A slightly truncated ep this week. Editor Rob is deep into the annual assault course/self-inflicted torture that is Nanowrimo, and is lost in wordcount. We dedicate our November output to the brave souls, dreamers and fools who take on the challenge every year. We salute you.
Now is the time. Here is the place. This is The Cut.
We have to start with some sad news. The comics scene is mourning the passing of the brilliant Spanish artist Carlos Pacheco. But a blow landed closer to home this week with the news we’d also lost Kevin O’Neill. One of the great stylists of British comics, his work is unmistakable. 2000AD, who published much of King Kev’s imperial phase, has a lovely tribute to an artist who was too wild for the American market. He was skilled at putting beautiful nightmares on the page. We shall not see his like again.
Sigh. OK, let’s move to a more cheerful aspect of the comics scene. This time of year is fruitful for UK graphic arts festivals, with The Lakes and Thought Bubble happening within weeks of each other. Artist and writer Andi Watson sat down for a chat at The Lakes a few weeks back, talking about how and why he does what he does. He’s a rather lovely chap, which makes for a rather lovely interview.
Films don’t have to be about big budgets, superstars and all the CGI you can cram onto screen. The really interesting projects come out of those situations where you have to think on your feet and work with what you have. Sometimes, polish and sparkle is the last thing you need…
The inhabitants of Useless Farm are not the prettiest or most elegant of specimens. But they have personality to spare. This one goes out to the misfits and oddballs. May you all find a home where you can be yourselves.
Big fans of Ruby Tandoh round here. Bake Off may have brought her into the public eye, but she has transcended that increasingly soggy-bottomed label to forge her own path. Her latest book is, like other cooks we love (Nigel, Jack, Otam) shifting the focus away from the strict recipe towards more of a vibe, based less on what’s on the page and more on what you have. It’s a reflection, we think, of the way a lot of home cooks operate in the kitchen anyway.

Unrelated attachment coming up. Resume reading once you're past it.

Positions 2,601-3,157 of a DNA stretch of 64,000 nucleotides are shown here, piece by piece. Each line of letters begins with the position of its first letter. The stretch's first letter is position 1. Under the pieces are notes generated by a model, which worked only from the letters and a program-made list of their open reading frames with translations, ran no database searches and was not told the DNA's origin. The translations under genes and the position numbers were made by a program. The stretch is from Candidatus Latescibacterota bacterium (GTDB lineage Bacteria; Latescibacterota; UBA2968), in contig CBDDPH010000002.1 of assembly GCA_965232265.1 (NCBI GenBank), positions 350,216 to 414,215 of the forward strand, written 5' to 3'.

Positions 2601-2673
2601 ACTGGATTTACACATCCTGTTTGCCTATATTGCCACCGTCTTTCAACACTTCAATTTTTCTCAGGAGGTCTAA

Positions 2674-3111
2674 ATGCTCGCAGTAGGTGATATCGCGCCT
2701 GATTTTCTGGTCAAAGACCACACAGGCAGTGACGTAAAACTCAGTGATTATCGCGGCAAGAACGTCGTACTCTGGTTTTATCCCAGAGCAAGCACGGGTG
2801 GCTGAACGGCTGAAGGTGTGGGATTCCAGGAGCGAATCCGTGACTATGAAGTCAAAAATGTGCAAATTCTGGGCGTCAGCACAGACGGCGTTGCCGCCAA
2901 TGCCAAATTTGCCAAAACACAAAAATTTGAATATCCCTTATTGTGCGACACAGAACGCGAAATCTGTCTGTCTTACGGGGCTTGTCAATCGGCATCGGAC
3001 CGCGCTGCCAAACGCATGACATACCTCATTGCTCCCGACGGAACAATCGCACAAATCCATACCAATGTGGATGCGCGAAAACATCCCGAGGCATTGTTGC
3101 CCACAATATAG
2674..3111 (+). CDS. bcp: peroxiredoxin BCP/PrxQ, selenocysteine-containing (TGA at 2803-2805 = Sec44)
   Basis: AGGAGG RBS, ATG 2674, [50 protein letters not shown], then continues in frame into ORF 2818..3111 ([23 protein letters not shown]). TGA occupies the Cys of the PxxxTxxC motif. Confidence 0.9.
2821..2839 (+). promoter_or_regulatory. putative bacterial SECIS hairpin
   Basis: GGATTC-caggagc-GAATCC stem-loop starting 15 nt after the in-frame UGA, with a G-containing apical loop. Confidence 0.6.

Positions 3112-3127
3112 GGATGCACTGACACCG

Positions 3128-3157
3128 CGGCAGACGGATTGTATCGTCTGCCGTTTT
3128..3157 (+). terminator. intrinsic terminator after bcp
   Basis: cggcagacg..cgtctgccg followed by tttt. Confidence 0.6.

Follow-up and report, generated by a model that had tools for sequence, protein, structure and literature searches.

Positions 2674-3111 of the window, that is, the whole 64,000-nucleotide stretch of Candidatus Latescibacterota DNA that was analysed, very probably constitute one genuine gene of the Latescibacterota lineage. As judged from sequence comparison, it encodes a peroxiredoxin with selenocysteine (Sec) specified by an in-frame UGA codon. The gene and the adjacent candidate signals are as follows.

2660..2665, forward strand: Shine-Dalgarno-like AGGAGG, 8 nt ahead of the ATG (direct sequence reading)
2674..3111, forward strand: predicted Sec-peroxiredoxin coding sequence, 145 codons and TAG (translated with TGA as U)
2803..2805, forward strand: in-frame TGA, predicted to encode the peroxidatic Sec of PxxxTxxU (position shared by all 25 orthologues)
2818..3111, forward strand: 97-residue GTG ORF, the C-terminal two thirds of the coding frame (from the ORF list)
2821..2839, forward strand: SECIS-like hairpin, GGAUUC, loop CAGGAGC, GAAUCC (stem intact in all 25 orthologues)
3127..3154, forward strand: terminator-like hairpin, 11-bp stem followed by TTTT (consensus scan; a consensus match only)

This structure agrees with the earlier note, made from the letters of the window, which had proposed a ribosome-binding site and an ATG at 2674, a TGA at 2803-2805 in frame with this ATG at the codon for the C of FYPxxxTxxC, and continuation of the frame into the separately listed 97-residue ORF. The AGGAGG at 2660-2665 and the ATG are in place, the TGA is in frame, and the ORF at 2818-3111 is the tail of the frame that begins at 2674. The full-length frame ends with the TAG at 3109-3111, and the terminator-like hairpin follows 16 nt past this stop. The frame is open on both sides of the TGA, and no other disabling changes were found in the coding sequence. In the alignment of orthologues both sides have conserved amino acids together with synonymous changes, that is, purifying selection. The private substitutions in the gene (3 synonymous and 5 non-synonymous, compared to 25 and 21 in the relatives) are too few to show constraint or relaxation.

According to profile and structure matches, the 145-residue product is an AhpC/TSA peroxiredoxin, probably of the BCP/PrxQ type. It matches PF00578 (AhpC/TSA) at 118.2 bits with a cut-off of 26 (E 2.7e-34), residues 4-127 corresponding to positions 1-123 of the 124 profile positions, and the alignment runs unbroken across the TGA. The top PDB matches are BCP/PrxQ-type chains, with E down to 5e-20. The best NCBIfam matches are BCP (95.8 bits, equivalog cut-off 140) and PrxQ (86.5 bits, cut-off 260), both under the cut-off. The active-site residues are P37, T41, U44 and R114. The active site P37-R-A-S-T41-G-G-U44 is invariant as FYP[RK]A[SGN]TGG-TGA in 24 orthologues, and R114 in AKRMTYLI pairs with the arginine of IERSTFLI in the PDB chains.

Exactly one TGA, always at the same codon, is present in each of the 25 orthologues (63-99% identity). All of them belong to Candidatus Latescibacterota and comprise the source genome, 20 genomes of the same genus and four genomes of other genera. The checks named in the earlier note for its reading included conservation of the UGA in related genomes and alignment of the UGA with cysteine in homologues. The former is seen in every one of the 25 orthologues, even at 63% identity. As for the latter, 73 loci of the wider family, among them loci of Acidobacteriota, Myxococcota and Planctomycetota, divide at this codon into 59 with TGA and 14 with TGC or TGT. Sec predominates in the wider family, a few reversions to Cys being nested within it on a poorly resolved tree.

Props to our pal Graham Williams for bringing this one to our attention. A clever use of light, shape, and above all, shadow merge to create art which is both ephemeral and affecting.
This week marks the hundredth anniversary of Kurt Vonnegut’s birth. A writer of rare skill, his work is deceptively simple yet filled with a quiet power. Now is a good time to start on his books if you’ve never had the pleasure. Slaughterhouse-5 is the core text, but honestly most of his work from The Sirens Of Titan on will hit the spot. Come, join the karass.
A quote from Kurt which we’ve taken as serious advice here at The Cut goes as follows:
It turns out, as this fine piece of work from Everything Is Amazing makes clear, that’s a good rule to live by. A little kindness is good for you, your neighbours and even those you think are against you ..
And finally. The Weird Al Yankovich biopic is out. By all accounts it slaps and you should check it out. We love Weird Al. We love food. Turns out he has written a lot of food-related songs. We cannot ignore this merging of our interests. Neither should you.
And that’s it. Nanowrimo is, as always, hugely rewarding but deeply knackering. We’ll let Madeline Khan tell it like it is.
See you in seven, earthlings.